For Norma Dunning, the term “Eskimos” is an insult which harkens back to a time when the Inuit were seen as unintelligent cavemen.
Because of this, the Inuk scholar and author is calling on Edmonton’s storied CFL franchise to change their name.
The term “Eskimo” is a demeaning reminder of how the Inuit were viewed, and discriminated against, during the colonization of Canada’s North, said Dunning, who has lived in Edmonton for 25 years.
Because of its prejudiced connotations, Inuit don’t use the term to describe themselves, said Dunning, a PhD student in Indigenous People’s Education at the University of Alberta.
She is also the author of a fiction collection inspired by unfair characterizations of Canada’s Arctic made by historic anthropologists, and one of the founding members of an Inuit community group called the Edmontonmiut, which means “Inuit people from Edmonton.”
‘Derogatory and unnecessary’
“It has to do with how archaeologists and anthropologists from hundreds of years ago made use of that word, and their writings of what we were at that time,” Dunning said in an interview with CBC Radio’s Edmonton AM.
“The renderings of the anthropologists were generally that we were a people with a low intelligence, and very caveman-like. That word and that image that came forward at the time — and still comes into play today — is derogatory and unnecessary.
“It’s time to get rid of it and recognize Inuit people as modern day people.”
The controversy surrounding the Edmonton Eskimos name has plagued the franchise for the past few years. It flared up again last week when Winnipeg Mayor Brian Bowman publicly called on the club to opt for something “more inclusive.”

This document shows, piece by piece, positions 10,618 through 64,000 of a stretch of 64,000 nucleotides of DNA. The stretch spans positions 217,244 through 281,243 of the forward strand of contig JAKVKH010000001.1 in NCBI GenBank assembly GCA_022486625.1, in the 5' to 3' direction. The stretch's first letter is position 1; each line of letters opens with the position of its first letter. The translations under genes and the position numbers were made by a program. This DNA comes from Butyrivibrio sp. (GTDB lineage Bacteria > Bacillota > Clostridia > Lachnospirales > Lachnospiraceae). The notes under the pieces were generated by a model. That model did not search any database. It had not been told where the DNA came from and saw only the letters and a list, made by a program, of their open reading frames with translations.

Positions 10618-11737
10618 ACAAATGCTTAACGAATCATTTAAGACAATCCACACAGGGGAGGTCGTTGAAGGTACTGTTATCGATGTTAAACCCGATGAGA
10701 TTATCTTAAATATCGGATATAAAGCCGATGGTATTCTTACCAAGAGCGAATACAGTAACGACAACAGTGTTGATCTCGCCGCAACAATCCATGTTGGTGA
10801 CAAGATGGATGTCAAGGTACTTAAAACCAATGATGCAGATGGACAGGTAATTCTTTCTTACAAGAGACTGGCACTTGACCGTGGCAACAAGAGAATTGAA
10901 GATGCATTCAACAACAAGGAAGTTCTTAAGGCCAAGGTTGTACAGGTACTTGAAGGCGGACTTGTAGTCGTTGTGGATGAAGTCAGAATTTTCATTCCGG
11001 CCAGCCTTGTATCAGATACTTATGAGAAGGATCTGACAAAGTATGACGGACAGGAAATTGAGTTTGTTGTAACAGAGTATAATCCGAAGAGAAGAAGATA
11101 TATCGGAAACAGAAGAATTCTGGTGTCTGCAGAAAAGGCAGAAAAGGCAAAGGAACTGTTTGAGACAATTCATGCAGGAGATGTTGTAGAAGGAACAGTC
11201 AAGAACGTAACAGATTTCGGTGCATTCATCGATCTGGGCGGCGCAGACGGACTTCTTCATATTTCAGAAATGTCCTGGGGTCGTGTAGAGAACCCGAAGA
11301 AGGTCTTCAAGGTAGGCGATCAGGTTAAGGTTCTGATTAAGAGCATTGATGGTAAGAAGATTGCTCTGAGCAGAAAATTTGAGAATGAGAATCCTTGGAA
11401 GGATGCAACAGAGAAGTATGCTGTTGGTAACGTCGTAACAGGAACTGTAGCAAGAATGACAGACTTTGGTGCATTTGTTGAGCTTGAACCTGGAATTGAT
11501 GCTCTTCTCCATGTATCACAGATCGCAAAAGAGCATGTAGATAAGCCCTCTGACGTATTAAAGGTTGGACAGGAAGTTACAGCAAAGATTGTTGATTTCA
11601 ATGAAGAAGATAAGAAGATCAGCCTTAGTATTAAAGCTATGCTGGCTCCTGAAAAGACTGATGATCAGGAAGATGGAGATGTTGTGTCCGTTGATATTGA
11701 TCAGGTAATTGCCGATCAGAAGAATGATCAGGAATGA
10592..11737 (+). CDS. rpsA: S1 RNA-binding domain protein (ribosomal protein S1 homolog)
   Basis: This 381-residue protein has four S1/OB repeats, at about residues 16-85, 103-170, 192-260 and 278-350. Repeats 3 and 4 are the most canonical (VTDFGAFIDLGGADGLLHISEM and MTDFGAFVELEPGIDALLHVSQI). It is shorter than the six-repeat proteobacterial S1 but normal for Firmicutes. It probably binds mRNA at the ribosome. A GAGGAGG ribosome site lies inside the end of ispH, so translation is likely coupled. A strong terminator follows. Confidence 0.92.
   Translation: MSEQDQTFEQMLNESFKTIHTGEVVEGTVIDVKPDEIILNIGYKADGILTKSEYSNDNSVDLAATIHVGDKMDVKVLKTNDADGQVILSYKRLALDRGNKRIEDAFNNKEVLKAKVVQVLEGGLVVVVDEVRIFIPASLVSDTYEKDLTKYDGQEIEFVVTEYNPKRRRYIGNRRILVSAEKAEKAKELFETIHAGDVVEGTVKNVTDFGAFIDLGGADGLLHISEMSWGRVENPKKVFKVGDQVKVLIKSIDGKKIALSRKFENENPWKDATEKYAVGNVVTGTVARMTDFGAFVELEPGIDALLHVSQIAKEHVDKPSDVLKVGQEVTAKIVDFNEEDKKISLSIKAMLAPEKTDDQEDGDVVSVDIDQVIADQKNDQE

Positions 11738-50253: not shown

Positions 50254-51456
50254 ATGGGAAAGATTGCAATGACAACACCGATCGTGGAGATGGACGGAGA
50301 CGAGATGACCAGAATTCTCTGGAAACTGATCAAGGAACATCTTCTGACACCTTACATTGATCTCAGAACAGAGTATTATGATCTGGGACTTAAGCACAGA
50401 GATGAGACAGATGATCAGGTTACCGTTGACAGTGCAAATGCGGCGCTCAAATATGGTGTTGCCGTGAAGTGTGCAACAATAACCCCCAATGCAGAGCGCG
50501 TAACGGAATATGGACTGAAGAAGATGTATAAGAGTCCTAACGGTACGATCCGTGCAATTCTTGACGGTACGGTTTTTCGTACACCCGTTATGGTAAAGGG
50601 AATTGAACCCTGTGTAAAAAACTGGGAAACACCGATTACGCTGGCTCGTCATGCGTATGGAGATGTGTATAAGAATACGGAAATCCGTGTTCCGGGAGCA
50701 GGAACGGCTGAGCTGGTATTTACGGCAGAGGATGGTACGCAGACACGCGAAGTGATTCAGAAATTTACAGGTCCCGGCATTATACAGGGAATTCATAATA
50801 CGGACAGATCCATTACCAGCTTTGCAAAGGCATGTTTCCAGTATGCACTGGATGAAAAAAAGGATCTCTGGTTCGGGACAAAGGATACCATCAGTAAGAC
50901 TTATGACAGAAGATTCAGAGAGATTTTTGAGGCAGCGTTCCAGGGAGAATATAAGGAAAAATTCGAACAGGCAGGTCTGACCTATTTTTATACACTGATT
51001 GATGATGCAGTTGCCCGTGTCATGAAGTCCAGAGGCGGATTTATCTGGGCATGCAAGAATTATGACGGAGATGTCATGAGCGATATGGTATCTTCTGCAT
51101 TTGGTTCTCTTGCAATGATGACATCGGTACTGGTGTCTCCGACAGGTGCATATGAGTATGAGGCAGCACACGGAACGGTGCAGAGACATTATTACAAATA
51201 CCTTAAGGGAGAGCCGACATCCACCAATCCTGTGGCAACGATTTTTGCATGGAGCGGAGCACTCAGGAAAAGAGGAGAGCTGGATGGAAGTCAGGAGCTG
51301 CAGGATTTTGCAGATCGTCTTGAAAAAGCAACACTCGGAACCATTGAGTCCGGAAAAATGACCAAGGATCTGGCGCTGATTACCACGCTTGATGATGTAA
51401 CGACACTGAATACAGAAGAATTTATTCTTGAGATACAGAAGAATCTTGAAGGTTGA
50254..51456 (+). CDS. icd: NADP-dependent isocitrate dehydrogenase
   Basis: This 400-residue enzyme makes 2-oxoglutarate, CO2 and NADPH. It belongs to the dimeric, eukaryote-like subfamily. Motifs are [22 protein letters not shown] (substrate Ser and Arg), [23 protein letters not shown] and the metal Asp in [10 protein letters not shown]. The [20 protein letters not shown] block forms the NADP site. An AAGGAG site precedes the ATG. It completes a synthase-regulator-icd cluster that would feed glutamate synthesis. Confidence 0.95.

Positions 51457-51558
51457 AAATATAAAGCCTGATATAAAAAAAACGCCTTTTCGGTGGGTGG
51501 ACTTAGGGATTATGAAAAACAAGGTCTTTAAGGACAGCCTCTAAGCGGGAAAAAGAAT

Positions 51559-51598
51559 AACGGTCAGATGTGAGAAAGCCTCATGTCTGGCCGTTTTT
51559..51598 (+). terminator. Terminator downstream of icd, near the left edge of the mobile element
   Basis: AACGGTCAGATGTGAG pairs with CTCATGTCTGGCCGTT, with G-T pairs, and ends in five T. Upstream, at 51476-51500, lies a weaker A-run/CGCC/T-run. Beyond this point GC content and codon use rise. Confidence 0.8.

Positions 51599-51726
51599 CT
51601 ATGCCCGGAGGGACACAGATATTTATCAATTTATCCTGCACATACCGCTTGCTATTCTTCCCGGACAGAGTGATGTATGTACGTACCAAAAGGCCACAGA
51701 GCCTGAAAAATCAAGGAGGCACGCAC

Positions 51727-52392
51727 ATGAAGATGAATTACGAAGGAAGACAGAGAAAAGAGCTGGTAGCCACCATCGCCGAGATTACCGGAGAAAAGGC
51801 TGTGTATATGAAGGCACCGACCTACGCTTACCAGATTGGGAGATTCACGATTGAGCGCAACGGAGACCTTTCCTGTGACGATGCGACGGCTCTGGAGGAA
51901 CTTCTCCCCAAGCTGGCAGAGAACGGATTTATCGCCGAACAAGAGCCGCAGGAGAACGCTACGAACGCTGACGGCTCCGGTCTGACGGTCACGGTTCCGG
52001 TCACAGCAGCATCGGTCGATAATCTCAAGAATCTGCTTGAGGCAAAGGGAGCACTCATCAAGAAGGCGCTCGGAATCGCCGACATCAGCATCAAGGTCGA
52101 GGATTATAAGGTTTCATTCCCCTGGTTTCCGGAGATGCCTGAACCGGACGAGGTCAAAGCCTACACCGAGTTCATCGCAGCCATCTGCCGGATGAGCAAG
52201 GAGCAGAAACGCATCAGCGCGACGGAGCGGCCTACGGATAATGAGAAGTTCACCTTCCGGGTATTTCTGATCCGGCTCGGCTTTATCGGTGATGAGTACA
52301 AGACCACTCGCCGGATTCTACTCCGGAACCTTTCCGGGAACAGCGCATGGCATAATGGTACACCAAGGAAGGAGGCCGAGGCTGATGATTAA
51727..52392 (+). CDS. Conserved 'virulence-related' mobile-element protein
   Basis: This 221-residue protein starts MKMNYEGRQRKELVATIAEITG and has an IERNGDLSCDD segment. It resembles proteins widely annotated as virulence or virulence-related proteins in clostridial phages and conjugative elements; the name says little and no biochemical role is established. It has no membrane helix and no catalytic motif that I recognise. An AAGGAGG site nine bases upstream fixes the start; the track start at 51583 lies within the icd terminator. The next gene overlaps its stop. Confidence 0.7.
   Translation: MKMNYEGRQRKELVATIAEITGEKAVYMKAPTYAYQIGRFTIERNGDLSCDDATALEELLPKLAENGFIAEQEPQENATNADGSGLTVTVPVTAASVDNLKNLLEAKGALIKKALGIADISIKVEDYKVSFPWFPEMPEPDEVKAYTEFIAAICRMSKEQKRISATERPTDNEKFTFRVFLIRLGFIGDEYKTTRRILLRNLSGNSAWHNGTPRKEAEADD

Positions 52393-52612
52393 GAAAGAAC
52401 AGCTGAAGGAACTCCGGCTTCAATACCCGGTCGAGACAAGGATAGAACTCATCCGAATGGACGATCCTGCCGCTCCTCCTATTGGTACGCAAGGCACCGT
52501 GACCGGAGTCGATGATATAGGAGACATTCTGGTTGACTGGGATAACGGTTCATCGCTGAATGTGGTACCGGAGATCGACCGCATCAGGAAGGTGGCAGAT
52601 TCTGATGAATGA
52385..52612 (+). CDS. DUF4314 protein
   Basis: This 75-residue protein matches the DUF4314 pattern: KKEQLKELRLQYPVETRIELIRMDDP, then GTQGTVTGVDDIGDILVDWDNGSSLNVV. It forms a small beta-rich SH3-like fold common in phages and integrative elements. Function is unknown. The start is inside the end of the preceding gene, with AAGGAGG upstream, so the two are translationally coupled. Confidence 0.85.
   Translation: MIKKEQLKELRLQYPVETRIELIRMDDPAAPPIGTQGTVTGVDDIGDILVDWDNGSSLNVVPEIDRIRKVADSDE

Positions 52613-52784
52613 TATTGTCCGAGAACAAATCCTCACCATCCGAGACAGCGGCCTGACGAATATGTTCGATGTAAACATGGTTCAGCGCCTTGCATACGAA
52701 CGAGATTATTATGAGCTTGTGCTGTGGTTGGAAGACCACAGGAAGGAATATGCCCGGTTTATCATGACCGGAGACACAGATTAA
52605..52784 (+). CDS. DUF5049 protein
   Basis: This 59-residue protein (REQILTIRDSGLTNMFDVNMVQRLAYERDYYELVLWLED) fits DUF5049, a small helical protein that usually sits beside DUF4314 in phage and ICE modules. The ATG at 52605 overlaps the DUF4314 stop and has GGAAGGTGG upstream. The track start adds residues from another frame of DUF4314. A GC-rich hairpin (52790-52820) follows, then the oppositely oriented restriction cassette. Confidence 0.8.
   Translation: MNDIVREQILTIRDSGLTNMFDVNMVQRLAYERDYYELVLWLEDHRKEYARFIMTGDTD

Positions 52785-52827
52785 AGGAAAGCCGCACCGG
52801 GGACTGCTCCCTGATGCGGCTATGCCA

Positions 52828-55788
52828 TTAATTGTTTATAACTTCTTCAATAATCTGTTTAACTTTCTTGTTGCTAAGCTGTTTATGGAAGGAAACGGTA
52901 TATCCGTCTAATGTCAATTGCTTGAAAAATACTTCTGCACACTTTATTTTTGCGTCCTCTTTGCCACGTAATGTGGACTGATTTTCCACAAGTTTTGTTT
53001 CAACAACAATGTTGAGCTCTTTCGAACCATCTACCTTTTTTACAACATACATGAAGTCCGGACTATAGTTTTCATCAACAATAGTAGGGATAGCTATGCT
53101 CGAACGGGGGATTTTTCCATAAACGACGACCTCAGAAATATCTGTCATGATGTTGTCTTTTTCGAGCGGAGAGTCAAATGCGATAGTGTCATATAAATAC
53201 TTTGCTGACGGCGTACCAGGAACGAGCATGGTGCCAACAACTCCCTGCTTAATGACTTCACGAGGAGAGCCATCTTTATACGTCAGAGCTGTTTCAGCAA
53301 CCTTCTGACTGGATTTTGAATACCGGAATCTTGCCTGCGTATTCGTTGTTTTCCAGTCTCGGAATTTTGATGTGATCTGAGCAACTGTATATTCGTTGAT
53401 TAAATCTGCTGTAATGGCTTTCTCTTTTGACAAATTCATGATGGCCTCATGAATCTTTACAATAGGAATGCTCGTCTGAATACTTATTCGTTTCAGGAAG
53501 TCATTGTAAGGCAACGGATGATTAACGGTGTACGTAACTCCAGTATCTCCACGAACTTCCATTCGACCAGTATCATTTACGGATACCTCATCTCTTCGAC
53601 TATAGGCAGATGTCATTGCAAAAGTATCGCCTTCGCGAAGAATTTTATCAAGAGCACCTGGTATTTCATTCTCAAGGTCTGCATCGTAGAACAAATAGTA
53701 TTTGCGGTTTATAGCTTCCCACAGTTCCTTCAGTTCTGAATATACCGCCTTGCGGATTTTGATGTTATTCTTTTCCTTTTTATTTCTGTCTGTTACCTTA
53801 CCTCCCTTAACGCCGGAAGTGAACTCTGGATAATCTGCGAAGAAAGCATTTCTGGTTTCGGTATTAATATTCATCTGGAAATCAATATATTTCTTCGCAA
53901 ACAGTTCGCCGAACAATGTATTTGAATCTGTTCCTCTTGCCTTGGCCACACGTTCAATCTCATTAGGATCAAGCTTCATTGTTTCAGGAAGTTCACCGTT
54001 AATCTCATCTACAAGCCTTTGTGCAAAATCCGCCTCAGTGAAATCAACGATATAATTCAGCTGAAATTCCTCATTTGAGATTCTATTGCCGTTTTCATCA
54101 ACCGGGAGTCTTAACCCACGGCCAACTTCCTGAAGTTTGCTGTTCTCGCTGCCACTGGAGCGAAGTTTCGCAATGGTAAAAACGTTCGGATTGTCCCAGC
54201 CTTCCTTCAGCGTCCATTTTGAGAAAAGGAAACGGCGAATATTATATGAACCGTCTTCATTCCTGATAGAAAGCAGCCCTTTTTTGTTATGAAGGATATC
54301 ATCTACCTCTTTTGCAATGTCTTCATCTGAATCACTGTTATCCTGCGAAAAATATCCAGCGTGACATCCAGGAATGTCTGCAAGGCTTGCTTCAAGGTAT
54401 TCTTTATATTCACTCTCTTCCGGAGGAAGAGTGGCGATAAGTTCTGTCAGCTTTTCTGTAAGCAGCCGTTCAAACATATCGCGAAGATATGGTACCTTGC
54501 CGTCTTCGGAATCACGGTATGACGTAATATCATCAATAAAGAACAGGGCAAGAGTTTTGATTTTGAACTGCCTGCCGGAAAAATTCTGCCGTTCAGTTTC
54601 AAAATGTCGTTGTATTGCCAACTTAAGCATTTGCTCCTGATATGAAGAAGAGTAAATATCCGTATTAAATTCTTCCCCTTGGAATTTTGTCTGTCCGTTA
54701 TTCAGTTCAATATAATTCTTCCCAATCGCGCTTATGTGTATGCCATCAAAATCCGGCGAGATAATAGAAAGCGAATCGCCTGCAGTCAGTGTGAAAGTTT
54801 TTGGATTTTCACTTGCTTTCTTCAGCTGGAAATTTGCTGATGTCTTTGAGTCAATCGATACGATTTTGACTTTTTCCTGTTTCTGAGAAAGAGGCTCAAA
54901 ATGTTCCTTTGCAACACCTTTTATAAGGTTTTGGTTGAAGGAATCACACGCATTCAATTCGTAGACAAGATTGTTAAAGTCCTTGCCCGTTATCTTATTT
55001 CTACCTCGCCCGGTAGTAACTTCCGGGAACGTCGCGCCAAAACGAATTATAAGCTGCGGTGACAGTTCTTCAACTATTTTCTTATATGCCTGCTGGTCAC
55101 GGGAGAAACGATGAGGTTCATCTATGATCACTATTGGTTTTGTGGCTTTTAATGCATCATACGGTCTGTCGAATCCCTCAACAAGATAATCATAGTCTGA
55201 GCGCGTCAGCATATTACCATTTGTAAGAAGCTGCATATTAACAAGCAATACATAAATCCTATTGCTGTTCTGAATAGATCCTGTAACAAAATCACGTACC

In response, Edmonton Mayor Don Iveson urged the club to move quickly on a name change or risk having the 2018 Grey Cup “beset by a very charged conversation.”
In August, Eskimos president and chief executive officer Len Rhodes said the club was consulting with Indigenous leaders but had no plans to change the Eskimos name.
In a statement, the club said it treated the Eskimos name with positivity and the “utmost respect.”
But there is no pride or respect in using a term which is considered an insult by so many, and this apparent dedication to the name reflects poorly on the entire city, Dunning said.
Honouring Inuit culture would be an important contribution to ongoing reconciliation efforts and in putting forward a progressive image for Edmonton, she added.
“We have a very small window of time that we call reconciliation, and I believe it’s up to all of us to make a contribution,” Dunning said.
“One of the ways to do that is to eliminate team names that represent Indigenous people in a derogatory, and less-than way.”
‘It is a big deal’
According to the 2016 census, there are about 1,115 Inuit living in Edmonton.
“We’re a very small and a very quiet population,” she said. “Our visibility is low and we are not recognized as southern Inuit people as it is, and that lack of visibility may contribute to people thinking, ‘Well it’s no big deal.’
“But it is a big deal.”